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My Dog is Better Than Your Dog: she’s got more clothes than Carey Bradshaw

The look for your four-legged fuck this summer is, “bold print and flowers in metallic, or pretty pastels and bling.” according to Urban Pup Designer Dog Fashions website. Urban Pup is one of hundreds of pet fashion retailers in the United States selling metallic raincoats, varsity sweaters, formal dresses and a variety of other unnecessary dog attire and accessories. I can’t exactly say when dog obsession reached its tipping point in the US as I was living in rural Northwestern Zambia for a couple of years and was only met with the phenomenon when I returned home. It certainly was a shock leaving that tiny region of the world where malnourished people rarely eat proteins, and dogs are loathed, feared even, because the nearest life saving post exposure rabies shot may be a 2 day bike ride away. It was bizarre, as if I’d clicked a remote control and switched planets; one with half naked kids running in fields and hanging from trees; and the other with clothed lap dogs eating organic snacks and hanging out in (gasp!) indoor dog parks.

I recently came across an article in the New York Times describing a new fad known as “doga.” The pun speaks for itself, and if you are imagining well nourished, Caucasian, females in overpriced, cotton-poly blend capri pants and matching tanks bending over and manually manipulating disinterested, inbred dogs, then you are right on track. Dog and master work together on the same mat. Master stretches dog, stares into dog’s eyes for mutual deep breathing, and from the pictures I’ve seen, occasionally uses dog’s head as a balancing block. Doga classes are popping up all over the country and the sessions I’ve found range between $12 and $20 for 45 minutes to an hour. There are also DVDs and books for more fiscally conservative owners and dogs with body image issues to practice at home (‘Princess Bella, don’t even think I’m gonna spend $20 on that doga class until your saddle clipped ass has shed a few pounds!’).

After discovering dog yoga and skimming through the summer clothing lines for America’s bitches and studs, I felt compelled to investigate further (I’ve always enjoyed feeling a little bit uneasy). For $87 to $185 a night you can put your canine up in Chateau Poochie in South FL. They offer individual rooms equipped with a flat screen television, web camera and classical music. The top rooms don a crystal chandelier and a $7,000 designer Toboggan bed that a Chateau Poochie janitor sleeps beside. You can get your dog’s fur highlighted or his back massaged. Some spas even offer warm wax treatments and “extreme makeovers,” both of which sound to me like red alerts for the SPCA. Perhaps most disquieting of all though, is the dog social networking site, DoggySpace.com. The general profile for all the site’s canine members is a self-introduction and a short description of how the dog knows he is very spoiled and naughty, but that it’s okay because mommy loves him anyway. The inevitable bratty tones written in the voice of an 8 year old raise many questions; Who are the women writing these bios? Are they lonely? Childless? Perverse? Do their dog characters reflect their own hidden desires to speak and behave like pampered children? Or do the characters simply represent an unquenchable desire to feed a self-gratifying, consumerist system bent on humanizing canines while turning blind eyes on homo sapiens?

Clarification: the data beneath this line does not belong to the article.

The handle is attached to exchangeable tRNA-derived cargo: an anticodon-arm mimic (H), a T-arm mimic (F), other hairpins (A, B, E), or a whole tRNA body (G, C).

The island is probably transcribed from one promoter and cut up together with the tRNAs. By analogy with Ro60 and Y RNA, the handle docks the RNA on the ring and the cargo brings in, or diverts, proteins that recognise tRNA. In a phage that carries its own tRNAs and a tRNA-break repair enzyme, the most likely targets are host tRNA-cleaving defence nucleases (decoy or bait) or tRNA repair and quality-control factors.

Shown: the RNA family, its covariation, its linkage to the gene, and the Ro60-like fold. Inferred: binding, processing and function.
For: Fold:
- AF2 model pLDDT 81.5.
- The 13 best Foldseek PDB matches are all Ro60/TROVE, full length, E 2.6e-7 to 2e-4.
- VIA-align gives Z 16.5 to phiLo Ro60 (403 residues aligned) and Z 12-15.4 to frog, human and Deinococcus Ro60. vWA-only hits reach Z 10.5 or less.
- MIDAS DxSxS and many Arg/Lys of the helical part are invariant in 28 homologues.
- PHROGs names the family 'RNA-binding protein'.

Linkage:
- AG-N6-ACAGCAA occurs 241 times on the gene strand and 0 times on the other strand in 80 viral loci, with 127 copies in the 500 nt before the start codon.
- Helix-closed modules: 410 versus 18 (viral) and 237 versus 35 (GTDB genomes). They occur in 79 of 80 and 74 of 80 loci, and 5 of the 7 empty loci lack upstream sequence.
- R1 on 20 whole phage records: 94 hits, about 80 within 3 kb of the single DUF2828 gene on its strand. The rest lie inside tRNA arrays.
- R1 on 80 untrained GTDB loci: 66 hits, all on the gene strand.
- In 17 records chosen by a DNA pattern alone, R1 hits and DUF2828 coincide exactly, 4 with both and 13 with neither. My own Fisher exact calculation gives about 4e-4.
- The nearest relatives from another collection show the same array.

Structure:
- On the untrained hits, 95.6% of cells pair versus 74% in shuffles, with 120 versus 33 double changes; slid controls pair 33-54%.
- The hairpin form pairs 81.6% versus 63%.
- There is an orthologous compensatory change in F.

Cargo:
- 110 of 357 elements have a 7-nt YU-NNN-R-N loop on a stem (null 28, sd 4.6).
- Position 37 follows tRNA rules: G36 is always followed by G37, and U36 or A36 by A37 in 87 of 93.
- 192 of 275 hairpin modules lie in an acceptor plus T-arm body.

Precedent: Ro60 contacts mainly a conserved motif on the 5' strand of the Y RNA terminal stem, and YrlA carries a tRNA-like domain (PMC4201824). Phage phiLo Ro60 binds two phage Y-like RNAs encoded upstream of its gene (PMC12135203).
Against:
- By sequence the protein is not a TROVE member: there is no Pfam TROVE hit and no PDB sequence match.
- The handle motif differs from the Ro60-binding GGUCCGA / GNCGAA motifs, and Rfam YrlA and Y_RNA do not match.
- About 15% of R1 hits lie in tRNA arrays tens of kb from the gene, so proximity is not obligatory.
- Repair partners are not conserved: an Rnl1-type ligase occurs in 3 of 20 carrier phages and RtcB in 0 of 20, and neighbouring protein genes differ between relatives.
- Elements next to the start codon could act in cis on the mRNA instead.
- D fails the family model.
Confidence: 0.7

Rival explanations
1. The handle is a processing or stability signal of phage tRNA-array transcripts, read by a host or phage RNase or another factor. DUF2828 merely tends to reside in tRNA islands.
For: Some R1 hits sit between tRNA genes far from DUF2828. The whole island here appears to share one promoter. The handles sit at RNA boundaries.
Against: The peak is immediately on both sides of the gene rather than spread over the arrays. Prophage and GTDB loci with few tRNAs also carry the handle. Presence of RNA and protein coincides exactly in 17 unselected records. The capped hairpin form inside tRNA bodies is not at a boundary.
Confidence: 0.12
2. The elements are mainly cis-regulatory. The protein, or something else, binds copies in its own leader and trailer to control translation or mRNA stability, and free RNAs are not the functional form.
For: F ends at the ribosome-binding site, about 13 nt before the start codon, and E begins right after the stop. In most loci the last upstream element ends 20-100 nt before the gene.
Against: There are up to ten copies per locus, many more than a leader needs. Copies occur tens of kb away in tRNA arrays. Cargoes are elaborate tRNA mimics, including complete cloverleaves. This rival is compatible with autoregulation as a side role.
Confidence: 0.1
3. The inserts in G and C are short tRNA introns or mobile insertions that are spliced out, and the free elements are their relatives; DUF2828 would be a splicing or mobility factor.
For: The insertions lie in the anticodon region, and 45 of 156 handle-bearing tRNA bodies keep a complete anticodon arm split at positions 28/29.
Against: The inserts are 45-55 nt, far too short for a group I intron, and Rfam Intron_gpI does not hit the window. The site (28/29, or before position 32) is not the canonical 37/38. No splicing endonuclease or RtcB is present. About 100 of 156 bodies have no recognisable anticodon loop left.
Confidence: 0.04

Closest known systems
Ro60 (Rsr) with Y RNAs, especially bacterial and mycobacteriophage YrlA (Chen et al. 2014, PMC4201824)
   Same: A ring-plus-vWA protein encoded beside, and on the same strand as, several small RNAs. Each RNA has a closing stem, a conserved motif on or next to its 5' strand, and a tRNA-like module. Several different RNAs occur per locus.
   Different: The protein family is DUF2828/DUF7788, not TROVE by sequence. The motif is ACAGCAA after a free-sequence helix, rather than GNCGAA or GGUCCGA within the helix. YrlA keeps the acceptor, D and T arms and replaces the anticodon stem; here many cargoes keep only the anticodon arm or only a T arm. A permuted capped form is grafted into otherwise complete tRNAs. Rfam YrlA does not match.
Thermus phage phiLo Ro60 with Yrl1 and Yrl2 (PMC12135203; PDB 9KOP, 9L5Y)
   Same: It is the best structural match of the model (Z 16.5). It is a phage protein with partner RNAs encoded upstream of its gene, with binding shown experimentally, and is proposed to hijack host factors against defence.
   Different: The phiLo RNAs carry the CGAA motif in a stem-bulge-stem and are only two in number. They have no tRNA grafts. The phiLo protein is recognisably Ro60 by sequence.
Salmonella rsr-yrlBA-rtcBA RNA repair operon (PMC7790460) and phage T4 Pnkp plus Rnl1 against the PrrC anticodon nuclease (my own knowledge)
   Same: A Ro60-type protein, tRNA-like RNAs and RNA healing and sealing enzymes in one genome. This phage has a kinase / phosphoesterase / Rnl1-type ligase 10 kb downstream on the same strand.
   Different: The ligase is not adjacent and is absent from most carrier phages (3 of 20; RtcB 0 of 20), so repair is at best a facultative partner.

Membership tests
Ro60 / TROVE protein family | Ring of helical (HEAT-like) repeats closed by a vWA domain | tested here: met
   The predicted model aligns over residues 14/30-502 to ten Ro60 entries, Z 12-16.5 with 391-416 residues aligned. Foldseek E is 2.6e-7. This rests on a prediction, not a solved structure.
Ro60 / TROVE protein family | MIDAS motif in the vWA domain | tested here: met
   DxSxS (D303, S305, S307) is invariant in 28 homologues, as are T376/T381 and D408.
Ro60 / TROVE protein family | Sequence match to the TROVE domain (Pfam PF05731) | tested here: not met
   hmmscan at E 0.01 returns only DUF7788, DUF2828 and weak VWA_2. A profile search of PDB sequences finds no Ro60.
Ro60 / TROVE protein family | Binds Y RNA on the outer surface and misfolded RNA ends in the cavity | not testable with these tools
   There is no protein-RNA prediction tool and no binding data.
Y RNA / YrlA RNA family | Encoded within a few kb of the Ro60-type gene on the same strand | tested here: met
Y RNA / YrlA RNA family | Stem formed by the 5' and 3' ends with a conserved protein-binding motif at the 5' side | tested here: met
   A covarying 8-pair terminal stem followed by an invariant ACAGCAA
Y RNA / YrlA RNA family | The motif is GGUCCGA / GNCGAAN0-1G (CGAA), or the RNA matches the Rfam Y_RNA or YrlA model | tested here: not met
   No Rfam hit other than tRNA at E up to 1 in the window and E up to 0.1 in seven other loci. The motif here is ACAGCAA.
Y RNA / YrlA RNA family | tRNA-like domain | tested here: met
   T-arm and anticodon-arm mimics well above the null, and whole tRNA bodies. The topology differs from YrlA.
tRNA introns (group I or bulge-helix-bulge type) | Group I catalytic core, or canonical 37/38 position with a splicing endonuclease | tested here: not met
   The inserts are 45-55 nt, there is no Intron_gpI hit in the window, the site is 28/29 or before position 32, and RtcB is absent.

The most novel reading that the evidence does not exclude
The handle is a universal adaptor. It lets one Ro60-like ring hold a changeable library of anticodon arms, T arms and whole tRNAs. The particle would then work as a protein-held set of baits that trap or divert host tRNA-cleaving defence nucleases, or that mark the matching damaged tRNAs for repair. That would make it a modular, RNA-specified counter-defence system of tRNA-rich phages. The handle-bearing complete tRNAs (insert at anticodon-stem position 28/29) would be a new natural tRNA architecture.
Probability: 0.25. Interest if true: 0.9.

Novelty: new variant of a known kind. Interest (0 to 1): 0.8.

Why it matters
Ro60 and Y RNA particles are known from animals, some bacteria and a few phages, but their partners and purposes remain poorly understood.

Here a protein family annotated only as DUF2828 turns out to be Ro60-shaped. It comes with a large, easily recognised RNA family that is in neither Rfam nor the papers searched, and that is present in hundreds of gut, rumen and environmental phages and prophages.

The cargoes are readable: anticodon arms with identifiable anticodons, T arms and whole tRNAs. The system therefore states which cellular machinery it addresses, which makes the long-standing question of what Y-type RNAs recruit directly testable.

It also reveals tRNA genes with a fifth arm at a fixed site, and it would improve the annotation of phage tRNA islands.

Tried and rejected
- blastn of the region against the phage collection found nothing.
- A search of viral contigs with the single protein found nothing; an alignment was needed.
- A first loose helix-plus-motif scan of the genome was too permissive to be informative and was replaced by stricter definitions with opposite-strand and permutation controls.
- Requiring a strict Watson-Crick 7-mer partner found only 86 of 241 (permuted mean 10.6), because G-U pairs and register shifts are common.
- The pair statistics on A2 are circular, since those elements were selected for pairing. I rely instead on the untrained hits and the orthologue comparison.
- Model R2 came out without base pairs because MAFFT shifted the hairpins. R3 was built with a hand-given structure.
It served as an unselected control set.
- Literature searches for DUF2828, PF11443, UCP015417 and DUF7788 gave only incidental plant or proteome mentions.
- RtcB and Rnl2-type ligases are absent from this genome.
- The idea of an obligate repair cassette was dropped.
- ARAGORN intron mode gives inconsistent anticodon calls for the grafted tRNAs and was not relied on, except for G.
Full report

Most of us would happily agree that this all too American trend is a contemptible fading star, another soon-to-be hush hush and embarrassing fad of the past, like Freedom Fries and cheese-encased-with-meat hotdogs. In the meantime, couldn’t we just tack sin tax on these extravagances as well as some other pet products and use the money for much needed social services? I pay a little extra for my night cap and Parliament lights, so let’s make Princess Bella paw over a few extra dollars for her doga lesson and Louis Vuitton dog bag.

Thanks Tess this is awesome!

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